Friday, January 1, 2016

Pete Seeger and Vocation

I don't know when I first heard the name Pete Seeger.  I suspect he was mentioned on Family Ties.  Seeger, like everything loved by Elise and Michael Keaton was made to seem a tad quaint. The Keaton's 60's radicalism was to be taken alongside a bracing dose of (materialism) Mallory, (capitalism) Alex, and sports (Jennifer.)

Anyway, about 10 years ago I watched a PBS documentary on Seeger and determined afterwards that I wanted a vocation like Pete's. I certainly didn't mean that I was going to become a protest singer or learn the five string banjo.

But, there were several things about the life that Pete lived that I find exemplary:

(1)  His profoundly democratizing vision of his art. This is a self-evident claim --folk music as an art  is axiomatically democratic.  Yet,  he lived this impulse out in so many profound ways--I think of his work with the Highland School which was so connected to the Freedom Schools, union organizing, and the creation of a vision of grassroots organizing;  however, the most stunning and perpetual sign of this democratizing vision was his capacity to get people to sing whether the stage was small or the stage was large.

Studs Terkel expressed it better than I am able to:

 Before we hoist one for Pete, let's also remember that he's one of the best choirmasters in the country. He may not have the technique of Robert Shaw, but the result is just as explosive. Imagine an audience of thousands as Pete sings, say, "Wimoweh." As Pete waves his arms gently, the audience reacts as a professional choir might. I've seen a wizened little man, who obviously is somebody's bookkeeper, at the command of Pete become a basso profundo, reaching two octaves lower than Chaliapin. This is the nature of Pete Seeger, who reaches out toward the further shores more effectively and more exhilaratedly than anyone I've ever run into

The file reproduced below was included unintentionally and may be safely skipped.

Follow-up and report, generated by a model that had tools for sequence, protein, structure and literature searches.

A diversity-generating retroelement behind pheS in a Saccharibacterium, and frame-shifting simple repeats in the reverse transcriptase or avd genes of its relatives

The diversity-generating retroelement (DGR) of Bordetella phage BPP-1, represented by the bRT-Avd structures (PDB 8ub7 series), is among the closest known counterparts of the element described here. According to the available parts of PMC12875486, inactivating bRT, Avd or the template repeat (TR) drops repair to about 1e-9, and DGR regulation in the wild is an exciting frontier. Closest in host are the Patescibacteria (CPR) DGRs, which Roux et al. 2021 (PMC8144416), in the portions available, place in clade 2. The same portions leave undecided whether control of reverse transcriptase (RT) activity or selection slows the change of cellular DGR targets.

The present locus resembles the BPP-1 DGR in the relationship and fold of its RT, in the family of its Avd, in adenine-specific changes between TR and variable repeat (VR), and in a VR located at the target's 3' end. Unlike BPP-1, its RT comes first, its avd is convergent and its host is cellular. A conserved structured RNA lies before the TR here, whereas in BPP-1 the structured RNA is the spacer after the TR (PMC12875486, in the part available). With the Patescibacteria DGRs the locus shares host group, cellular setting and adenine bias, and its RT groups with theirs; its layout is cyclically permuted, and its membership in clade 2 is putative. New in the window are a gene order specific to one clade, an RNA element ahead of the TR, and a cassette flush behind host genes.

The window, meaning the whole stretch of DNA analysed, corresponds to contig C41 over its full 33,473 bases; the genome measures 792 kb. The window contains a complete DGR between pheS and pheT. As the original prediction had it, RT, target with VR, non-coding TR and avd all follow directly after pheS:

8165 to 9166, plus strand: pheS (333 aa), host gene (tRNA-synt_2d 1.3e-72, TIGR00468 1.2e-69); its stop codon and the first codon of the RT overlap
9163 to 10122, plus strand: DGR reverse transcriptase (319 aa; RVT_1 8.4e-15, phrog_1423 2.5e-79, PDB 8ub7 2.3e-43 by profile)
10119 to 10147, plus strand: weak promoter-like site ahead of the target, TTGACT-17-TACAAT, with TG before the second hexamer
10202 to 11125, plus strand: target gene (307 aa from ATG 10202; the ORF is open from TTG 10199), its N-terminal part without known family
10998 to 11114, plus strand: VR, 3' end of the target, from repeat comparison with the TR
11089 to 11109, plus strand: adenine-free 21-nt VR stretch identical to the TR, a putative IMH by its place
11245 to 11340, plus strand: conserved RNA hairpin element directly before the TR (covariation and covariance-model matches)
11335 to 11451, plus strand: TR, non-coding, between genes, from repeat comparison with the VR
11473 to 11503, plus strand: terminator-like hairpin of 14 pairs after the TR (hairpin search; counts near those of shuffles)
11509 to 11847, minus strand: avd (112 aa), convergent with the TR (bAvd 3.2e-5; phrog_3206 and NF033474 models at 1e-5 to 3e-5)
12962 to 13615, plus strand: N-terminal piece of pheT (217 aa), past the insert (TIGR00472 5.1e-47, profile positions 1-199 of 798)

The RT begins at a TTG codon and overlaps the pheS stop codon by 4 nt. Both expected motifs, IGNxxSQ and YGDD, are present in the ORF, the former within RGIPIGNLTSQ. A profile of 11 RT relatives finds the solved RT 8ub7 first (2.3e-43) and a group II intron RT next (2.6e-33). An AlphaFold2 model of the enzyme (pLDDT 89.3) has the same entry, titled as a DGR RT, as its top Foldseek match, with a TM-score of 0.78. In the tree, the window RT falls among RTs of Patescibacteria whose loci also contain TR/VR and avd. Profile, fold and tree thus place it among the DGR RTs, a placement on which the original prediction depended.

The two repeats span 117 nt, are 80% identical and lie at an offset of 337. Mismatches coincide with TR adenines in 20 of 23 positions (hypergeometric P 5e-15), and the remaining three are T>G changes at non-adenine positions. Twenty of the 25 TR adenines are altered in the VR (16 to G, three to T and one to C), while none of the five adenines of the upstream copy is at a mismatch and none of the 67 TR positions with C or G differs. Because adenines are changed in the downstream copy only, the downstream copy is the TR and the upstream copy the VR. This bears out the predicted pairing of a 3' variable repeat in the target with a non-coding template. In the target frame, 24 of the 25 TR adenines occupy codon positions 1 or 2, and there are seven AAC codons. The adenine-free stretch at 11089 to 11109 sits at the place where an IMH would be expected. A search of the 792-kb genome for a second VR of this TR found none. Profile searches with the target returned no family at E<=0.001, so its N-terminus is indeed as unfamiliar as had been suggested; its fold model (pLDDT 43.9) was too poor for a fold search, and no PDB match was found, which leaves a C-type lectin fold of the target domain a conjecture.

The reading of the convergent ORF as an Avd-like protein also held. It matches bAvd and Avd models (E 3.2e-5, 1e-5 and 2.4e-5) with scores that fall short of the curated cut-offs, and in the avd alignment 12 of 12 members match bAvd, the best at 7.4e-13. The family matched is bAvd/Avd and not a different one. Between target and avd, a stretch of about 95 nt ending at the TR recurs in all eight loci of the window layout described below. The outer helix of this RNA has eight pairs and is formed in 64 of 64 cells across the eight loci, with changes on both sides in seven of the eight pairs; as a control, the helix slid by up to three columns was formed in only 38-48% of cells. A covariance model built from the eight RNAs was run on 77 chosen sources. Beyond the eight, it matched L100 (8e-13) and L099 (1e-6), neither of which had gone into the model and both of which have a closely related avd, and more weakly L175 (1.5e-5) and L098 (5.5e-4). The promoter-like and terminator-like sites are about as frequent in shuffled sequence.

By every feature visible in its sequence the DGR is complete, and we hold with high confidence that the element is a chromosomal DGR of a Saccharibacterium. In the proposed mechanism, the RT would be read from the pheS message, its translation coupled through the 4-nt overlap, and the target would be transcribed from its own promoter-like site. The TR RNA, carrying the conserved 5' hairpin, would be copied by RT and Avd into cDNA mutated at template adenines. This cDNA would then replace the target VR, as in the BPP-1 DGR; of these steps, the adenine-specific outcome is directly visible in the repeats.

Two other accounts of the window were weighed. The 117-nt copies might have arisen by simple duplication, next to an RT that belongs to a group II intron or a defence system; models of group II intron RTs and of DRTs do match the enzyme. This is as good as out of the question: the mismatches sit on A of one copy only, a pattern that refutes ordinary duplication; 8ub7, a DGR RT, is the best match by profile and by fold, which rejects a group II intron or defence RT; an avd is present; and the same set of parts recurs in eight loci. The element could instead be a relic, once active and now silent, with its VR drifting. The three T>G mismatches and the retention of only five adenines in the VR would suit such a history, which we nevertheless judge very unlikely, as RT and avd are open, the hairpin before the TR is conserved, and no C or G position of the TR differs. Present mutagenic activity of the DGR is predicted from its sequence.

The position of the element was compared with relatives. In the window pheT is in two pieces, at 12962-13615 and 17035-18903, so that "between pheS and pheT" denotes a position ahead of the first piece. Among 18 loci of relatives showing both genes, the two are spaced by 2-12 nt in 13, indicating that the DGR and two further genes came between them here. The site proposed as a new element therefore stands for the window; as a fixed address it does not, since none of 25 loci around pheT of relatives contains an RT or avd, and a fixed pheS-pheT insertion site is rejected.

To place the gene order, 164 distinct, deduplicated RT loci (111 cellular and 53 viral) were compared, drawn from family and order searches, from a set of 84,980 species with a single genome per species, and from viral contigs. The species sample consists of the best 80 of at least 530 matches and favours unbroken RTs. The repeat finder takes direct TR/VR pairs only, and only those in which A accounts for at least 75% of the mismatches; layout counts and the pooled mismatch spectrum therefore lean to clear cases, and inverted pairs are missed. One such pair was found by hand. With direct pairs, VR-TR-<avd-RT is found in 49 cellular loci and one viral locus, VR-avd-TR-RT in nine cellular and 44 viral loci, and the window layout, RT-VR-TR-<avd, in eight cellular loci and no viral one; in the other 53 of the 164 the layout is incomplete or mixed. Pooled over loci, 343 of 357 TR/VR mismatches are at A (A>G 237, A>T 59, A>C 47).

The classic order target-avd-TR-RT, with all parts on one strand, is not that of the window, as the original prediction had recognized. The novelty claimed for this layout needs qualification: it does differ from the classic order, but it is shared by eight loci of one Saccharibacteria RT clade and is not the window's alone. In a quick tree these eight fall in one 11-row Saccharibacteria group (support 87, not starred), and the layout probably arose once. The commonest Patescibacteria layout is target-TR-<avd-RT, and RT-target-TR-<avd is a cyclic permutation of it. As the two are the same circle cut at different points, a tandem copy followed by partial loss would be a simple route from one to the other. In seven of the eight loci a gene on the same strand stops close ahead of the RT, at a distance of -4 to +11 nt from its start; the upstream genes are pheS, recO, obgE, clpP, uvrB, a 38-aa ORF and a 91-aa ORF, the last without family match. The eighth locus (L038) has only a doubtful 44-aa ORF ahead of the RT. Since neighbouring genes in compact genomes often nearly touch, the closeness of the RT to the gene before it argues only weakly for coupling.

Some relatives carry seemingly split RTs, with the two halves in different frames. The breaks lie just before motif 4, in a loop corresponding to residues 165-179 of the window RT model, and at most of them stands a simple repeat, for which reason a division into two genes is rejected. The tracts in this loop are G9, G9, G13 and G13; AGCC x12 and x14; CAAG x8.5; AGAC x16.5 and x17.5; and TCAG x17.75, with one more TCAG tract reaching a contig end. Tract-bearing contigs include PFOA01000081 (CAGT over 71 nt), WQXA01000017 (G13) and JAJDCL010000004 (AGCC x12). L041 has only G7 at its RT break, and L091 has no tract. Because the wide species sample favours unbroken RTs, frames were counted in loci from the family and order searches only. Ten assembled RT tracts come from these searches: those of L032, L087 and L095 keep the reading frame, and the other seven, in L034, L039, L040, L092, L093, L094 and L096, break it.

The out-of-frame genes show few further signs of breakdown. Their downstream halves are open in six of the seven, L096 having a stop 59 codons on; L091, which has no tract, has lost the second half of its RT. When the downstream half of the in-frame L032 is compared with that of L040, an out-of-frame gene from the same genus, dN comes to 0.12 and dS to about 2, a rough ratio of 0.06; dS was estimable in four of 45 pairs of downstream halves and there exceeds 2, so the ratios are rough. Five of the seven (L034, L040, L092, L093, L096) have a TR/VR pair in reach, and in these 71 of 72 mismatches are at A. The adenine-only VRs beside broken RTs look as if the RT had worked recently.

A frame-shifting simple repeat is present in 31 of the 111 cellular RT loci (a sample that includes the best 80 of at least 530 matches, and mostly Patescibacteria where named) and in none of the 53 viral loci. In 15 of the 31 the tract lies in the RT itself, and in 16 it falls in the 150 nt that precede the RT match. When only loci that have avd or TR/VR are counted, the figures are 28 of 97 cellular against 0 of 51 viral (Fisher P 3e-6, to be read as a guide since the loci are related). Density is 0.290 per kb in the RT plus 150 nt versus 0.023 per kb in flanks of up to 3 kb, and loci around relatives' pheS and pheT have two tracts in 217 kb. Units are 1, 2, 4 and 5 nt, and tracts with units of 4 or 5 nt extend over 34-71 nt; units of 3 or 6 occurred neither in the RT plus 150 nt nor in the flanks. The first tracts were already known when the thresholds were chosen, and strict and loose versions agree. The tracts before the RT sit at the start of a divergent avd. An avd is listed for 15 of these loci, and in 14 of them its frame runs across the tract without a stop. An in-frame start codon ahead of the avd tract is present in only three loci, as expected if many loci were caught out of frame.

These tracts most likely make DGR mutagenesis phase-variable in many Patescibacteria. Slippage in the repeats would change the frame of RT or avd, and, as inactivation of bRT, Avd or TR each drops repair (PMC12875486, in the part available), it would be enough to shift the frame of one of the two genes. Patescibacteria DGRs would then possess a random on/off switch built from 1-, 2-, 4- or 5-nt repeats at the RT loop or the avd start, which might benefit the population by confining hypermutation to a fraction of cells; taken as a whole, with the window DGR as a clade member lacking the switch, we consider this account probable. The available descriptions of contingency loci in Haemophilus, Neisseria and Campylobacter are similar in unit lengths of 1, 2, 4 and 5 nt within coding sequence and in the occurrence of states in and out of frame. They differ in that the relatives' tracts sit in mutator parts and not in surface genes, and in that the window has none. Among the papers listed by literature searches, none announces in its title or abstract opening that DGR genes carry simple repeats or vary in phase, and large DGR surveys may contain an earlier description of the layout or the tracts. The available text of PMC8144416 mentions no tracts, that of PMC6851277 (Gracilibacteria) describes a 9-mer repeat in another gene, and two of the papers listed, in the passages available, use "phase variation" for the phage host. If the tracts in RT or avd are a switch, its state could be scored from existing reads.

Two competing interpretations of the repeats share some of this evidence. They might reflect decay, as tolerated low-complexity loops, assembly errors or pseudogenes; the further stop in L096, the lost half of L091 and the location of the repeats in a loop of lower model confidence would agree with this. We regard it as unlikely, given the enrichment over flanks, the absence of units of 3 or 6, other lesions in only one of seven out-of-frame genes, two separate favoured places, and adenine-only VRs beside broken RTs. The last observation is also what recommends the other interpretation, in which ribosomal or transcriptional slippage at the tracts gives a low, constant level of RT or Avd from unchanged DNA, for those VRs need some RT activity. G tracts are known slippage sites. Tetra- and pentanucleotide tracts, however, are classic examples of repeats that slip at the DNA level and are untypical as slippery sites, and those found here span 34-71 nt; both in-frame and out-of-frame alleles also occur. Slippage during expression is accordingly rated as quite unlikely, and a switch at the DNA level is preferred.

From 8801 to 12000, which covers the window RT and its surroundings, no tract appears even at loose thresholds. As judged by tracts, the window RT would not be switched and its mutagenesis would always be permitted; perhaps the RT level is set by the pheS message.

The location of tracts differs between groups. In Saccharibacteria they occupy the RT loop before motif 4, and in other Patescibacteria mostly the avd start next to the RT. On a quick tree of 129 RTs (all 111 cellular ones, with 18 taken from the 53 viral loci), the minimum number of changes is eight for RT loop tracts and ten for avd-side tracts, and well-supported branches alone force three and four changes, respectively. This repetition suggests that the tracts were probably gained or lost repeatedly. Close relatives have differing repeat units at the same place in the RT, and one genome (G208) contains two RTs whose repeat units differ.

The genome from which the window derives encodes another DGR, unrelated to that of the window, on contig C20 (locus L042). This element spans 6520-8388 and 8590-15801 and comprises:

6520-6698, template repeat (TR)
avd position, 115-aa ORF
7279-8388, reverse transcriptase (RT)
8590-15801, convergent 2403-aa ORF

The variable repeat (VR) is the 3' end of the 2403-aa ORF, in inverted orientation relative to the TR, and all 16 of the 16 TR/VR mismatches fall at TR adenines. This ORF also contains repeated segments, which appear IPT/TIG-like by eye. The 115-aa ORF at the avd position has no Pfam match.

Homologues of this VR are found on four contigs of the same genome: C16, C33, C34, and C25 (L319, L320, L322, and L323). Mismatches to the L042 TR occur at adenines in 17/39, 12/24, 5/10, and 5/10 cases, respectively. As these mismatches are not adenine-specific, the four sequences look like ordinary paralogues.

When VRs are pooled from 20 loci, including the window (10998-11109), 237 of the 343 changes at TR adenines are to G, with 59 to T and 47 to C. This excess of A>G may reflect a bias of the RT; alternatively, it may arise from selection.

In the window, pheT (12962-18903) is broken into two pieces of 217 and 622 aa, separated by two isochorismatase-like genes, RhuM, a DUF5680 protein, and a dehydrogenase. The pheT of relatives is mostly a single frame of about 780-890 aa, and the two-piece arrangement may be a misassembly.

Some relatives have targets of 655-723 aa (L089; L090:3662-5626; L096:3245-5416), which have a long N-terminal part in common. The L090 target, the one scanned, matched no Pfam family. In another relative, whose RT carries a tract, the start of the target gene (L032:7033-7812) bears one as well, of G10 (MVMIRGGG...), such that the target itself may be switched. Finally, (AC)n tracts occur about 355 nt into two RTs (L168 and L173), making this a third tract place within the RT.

(2) His Earnestness:  I have come to realize that what distinguishes earnestness from sentimentalism is faithfulness.  A sentiment is fleeting.  It is easy to be patronizing towards sentiments, but people who live lives of deep fidelity to their sentiments become beyond disdain.  Fred Rogers proved this--his show would be little but feel good rot if he hadn't embodied those values daily.  Peter Seeger lived out a fidelity to his sentiments for 94 years.

(3)His Faithfulness:  He didn't just add the "shall" to "We Shall Overcome," he was there singing the song faithfully at Highlander School when MLK was there. And, more to the point, he was there singing the song as a dirge when the bodies of James Chaney, Andrew Goodman, and Michael Schwerner were discovered in Mississippi.

(4) His Courage:  It wasn't for no reason that the FBI tracked  him or that J. Edgar hounded. He was willing to risk tangibly for truth and democratic values.  He realized that these values don't demand some sort of "once-and for-all"  sacrifice, but a daily fidelity to the hard work of letting every voice be heard, of listening to the some times strange songs that other people sing, and training others to not only listen closely, but also to sing out boldly.